Author Archives: state of health

Will the HIV-Prevention Pill Protect Teens or Encourage Risky Behavior?

(Justin Sullivan: Getty Images)

(Justin Sullivan: Getty Images)

By Rafael Johns, Youth Radio via NPR

Leon Richardson is 18 years old and tall, charismatic and thoughtful about his sexual health.

He understands that as a young, gay black man, he is in the demographic with the highest rate of HIV infections in the country. But when Richardson learned that he could be part of an HIV prevention pill research study for young people, he was skeptical.

“I was scared. I had to really think about it, ‘What is this drug going to do to me?’ ” he says.

The regimen, called pre-exposure prophylaxis, or PrEP, can reduce the risk of HIV infection by more than 85 percent when a pill called Truvada is taken daily. In a first, the Food and Drug Administration approved Truvada for prevention of the infection in 2012. Truvada had been used previously to treat HIV infection. Continue reading

Uninsured Rate for Latino Students Down Sharply at State Universities

Covered California enrollment fair in Pasadena, CA in Nov. 2013. (David McNew/Getty Images)

Covered California enrollment fair in Pasadena, Nov. 2013. (David McNew/Getty Images)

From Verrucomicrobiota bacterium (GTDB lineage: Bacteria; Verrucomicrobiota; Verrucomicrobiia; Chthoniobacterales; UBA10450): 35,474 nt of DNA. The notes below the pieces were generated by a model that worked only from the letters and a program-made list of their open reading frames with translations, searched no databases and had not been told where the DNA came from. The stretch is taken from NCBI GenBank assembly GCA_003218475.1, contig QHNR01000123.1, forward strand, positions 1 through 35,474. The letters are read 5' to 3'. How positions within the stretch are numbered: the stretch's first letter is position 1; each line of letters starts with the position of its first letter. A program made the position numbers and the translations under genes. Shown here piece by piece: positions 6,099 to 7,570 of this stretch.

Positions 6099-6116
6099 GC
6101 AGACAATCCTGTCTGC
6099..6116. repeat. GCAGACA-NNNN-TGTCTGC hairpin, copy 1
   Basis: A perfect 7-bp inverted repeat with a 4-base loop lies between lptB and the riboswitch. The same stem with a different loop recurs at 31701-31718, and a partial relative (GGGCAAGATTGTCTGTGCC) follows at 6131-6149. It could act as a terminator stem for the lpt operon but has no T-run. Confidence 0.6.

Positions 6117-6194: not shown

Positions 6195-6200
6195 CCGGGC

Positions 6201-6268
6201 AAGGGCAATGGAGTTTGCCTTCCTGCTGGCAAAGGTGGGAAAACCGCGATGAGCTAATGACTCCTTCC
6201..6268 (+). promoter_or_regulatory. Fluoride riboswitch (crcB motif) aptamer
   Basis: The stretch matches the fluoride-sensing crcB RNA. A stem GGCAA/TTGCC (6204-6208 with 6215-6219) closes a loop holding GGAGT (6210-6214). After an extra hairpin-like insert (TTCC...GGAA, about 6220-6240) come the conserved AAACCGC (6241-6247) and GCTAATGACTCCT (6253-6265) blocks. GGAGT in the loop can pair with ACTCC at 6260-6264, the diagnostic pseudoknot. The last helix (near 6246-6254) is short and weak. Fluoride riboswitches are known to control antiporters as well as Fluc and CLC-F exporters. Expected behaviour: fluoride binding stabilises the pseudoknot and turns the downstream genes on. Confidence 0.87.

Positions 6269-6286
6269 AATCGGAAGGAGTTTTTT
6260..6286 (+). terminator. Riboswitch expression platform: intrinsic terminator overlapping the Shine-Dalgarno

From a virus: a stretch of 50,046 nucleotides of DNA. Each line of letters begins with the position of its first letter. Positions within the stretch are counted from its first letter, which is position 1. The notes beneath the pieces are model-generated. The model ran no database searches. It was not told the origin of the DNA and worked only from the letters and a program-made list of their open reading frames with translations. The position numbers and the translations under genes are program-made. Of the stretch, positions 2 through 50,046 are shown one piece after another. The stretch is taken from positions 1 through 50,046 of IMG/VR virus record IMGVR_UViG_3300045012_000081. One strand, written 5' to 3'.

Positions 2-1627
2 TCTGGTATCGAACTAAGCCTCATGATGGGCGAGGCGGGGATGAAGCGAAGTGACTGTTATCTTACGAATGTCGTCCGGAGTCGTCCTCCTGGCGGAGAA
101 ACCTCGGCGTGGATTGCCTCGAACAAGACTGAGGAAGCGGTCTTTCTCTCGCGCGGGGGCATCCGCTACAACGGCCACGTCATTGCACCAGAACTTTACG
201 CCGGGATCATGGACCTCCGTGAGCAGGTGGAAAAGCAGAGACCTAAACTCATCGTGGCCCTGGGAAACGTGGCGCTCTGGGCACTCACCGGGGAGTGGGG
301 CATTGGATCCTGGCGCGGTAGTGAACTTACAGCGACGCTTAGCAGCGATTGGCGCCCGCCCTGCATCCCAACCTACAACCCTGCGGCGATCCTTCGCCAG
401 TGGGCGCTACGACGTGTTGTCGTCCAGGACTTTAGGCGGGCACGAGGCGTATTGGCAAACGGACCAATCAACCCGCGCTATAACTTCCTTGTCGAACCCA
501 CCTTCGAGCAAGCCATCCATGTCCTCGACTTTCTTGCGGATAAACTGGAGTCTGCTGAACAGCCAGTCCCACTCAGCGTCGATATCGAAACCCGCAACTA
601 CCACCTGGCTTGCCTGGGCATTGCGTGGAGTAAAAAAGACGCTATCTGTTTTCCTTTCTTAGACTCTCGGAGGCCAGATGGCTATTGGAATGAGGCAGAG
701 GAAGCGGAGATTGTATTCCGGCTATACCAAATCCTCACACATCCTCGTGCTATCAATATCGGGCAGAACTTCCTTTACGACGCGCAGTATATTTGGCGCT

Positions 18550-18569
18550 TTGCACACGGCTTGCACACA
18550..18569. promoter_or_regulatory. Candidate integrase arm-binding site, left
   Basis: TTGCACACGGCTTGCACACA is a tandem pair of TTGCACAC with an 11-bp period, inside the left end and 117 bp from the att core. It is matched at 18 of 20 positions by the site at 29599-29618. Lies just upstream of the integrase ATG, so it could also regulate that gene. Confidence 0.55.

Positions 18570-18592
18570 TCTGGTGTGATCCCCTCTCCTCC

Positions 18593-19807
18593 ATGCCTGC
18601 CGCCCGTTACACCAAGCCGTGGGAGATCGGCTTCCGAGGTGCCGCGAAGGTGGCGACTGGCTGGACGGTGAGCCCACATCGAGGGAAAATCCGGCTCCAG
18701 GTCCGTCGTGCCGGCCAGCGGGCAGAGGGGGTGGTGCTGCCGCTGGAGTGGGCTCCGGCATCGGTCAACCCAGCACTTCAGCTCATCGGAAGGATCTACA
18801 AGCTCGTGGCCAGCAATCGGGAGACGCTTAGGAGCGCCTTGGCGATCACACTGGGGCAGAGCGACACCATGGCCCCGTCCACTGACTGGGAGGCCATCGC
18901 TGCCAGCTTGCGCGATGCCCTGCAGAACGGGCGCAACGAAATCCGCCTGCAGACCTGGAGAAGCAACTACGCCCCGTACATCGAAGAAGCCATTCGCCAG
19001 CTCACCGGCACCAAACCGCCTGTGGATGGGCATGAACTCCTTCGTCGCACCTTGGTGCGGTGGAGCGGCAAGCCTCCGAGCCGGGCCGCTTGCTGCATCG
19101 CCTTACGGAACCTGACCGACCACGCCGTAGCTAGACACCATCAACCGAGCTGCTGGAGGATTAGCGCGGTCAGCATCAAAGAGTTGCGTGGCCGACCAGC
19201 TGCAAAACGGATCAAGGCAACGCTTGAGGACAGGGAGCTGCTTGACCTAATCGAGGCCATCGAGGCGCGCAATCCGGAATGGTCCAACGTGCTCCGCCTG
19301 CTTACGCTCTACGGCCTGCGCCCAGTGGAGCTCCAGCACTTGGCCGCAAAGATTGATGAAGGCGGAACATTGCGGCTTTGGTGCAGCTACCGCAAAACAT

By David Gorn, California Healthline

The rate of uninsured students at two California State University campuses dropped dramatically overall, and Latino students in particular saw a steep decline, according to poll results released Wednesday.

At Cal State LA, the Latino uninsured rate dropped by 75 percent since 2013.

Seven CSU campuses now have an estimated 7 percent overall rate of uninsured students, according to Walter Zelman, director of the CSU Health Insurance Education Project, which works to sign up uninsured students.

This is a population — the so-called “young invincibles” — that traditionally has high rates of the uninsured. Zelman pointed out they also happen to be the healthy, lower-cost enrollees that health insurance plans and Covered California would love to have in their patient mix. Continue reading

More Obamacare Tax-Time Lessons

(Getty Images)